Installing Wall Tile for a Shower

shower tilesToday we’re going to be talking about installing wall tile. So some of the first products we’re going to need is adhesive, in this case I’m just using a non mortar type of adhesive, it’s all because we’re not in an area that’s going to have a lot of water contact, we’re actually trimming around the shower, not in the particularly, shower, so this product will be fine to use on there.

You’ll also need a notch trowel, whatever type of product for your glue that you’re using will specify the type of trowel, depending on the tiles you’re using as well. In this case I’m using a 3/16ths by 3/16ths notch trowel. You may also want a pair of tile nibblers, this is just for making small adjustments, small trim, work around the tile. They are just simply like a pair of pliers once you square the tile. Snap the pliers off. If you got to drill any holes through the tile, you’ll want a simple adjustable hole saw that you put in the corner’s driller and to drill, you can adjust the size of the hole by sliding this piece one way or the other. So that’s a good thing to have.

I also like to use this stone file. Sometimes you need to just take a slight amount off as you cut or maybe it’s not quite perfect cut, you can kind of cleaning up a bit. This works well for that. And then, when you’re doing just straight cuts, probably all you’re going to need is a snap and score, scores and snaps great and you simply can take your tile, in this case we’re using, of course, porcelain tile; slide it in the machine wherever you need it, make your measurement, there is a small heel down here and as I’m sliding it across the tile, it leaves a score mark, this little foot here, this heel, you push down and snap the tile off. Perfectly scored.

For what we’re doing today, that’s all we’re going to need. Okay. So the situation we have here is we’ve got a pre-shower stall installed in this bathroom right now. You’ve always got this transition from dry wall to the stall itself, some people will bury this flange, I don’t know if you could see that, but they will put this flange behind the drywall, I’ve seen few different things done. What I like to do is leave it exposed and actually trim this off with a nice tile, I just think it really finishes off really nice and you don’t have any ugly painting to do up against the tile or anything.

shower wall tilesSo for this particular bathroom, we chose a simple 6×6 white porcelain tile, nothing fancy about it, but it’s nice and clean and it goes well with the shower finish, then I’ve also bought these tiles that are 3×6 as well. The 3×6 we’re going to place along the front edge and the 6x6s are going to go across the top. So we’re going to have this type of look. You could if you wanted, and I’ve done it in the past, you could just buy all 6x6s, cut them down to do this; I’m just saving a little bit of time by not having to cut and you get a nicer edge as well.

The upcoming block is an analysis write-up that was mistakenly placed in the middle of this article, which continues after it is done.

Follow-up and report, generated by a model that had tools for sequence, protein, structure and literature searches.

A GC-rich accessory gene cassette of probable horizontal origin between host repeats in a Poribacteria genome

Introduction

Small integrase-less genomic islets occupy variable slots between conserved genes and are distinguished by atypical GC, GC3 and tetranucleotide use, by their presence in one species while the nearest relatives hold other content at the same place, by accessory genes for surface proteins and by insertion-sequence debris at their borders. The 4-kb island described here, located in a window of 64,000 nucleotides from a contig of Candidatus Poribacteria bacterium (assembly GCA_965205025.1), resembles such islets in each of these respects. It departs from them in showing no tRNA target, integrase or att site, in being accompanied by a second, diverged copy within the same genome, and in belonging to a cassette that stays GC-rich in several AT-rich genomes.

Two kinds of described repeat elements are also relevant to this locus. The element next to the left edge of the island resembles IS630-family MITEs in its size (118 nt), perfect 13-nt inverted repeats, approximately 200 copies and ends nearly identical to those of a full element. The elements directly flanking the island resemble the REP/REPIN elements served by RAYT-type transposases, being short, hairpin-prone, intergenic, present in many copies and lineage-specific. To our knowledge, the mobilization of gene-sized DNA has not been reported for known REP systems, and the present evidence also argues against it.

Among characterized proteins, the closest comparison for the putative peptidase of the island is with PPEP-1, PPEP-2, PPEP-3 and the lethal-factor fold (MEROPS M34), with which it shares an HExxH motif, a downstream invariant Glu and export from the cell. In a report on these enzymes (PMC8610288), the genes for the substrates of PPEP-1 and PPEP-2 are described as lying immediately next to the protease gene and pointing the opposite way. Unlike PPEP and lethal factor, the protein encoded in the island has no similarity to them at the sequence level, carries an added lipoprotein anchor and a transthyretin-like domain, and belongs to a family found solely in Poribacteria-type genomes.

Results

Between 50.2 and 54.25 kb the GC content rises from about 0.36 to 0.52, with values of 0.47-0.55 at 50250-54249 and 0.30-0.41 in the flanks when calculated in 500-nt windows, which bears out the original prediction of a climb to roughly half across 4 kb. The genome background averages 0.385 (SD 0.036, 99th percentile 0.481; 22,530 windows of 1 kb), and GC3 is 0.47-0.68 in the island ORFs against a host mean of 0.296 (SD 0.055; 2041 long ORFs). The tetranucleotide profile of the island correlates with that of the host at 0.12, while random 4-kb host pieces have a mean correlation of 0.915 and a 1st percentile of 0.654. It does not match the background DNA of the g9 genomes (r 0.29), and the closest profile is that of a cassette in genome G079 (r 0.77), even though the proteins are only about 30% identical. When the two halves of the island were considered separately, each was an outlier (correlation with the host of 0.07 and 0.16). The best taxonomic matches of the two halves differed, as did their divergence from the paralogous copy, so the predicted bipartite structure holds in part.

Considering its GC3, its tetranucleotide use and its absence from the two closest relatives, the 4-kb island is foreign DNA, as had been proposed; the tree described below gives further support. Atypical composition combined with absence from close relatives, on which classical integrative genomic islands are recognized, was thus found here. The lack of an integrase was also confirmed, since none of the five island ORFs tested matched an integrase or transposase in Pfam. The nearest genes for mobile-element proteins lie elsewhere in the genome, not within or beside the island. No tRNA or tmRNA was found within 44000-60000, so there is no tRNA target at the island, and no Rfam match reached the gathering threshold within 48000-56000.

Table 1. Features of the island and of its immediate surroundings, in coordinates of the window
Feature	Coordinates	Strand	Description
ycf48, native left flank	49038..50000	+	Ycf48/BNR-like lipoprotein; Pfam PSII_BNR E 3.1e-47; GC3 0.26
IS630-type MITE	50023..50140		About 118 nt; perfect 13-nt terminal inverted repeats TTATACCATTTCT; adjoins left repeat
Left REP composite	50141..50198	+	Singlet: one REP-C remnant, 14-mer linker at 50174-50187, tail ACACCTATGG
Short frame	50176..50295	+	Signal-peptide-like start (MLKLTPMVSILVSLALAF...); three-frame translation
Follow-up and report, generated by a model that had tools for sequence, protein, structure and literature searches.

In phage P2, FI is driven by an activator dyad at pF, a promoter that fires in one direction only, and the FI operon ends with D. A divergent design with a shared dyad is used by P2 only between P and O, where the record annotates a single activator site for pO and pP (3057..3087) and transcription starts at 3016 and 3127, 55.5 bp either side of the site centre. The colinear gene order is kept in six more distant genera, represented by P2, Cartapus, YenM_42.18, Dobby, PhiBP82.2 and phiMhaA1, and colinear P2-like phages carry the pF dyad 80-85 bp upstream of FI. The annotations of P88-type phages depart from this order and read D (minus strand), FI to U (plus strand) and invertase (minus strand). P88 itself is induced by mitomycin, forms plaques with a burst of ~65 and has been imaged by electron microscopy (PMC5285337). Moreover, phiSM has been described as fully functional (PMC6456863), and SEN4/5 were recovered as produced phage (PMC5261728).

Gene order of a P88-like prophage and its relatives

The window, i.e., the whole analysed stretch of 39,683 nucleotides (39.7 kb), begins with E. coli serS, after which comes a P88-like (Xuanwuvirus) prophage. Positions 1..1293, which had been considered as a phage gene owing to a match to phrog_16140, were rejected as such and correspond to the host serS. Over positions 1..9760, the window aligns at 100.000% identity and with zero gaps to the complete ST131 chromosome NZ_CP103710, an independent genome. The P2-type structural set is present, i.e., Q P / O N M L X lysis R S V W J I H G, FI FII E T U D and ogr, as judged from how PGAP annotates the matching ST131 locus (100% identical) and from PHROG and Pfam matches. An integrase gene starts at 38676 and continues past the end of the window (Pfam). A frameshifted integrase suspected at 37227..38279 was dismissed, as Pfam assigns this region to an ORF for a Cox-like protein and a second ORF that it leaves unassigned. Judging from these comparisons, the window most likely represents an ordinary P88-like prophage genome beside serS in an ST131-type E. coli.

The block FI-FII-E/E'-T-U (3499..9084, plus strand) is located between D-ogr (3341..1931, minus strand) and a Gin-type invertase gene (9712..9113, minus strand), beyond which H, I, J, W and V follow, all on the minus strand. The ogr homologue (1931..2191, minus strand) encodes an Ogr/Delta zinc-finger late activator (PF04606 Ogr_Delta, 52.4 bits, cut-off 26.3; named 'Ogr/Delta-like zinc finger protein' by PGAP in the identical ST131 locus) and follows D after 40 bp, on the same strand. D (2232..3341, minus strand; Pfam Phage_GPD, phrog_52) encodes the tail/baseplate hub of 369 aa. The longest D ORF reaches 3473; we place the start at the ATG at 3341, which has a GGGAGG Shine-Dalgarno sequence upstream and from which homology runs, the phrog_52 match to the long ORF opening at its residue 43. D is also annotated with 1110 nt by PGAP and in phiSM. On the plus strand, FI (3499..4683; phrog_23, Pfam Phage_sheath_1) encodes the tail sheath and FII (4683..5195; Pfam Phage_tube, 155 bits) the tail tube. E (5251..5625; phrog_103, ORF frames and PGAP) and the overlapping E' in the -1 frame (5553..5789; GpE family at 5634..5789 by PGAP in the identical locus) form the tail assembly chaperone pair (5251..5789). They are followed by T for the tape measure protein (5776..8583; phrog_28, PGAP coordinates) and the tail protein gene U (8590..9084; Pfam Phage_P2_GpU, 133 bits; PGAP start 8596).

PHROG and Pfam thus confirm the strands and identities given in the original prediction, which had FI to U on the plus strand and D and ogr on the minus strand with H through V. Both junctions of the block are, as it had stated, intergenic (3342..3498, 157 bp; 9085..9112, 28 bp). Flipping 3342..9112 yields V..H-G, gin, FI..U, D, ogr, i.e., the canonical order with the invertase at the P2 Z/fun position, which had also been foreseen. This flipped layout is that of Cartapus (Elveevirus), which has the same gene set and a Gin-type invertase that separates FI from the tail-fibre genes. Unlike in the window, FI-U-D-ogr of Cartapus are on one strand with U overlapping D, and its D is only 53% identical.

So, we’re going to start out, first with this initial 6×6 and because we are doing such a small area, normally I would apply the Master or the glue on to the wall, but it’s a little difficult to do with a bigger trowel on small area, so I’m going to actually butter on to the back of the tile, trying to cover the whole back as well as you can, once you’ve got it on there, leave the strokes so that it actually leaves the glue on the tile and that’s ready to apply. Another thing that’s a good idea, it’s not such a big deal on small tiles, but I usually like to apply so that the lines on my glue are vertical, you have a little less in that way, sometimes when you put it like this, this little lumps will roll down the wall and you’re having your tiles sag, so just practice few, apply them in that manner.

So you want to press it to your wall, run it to your guidelines which I forgot to mention, press it to your guidelines, get good contact with the wall and just make sure it’s nice and straight. The guidelines that I use, I simply used the level and made a measurement out from the shower, mark myself a plum and square lines to run by. Just little easier to try to follow the shower, this way if there is any inconsistencies at a joint or something, you could easily fix that up with some, when you’re grouting with silicone. So we’ve got that on there and I’m going to put the 3×6 down the side here, same idea when I applied the adhesive on the back, give it nice stokes so we get nice lines in there.

A good way to know whether you’re getting enough Master on there or getting good contact, is to try to put one on , peel it off. You should have a good 75% contact on the wall and then you know you’re getting the right pressure on there.

There’s more to come in part 2, so keep reading…

Kevin Mills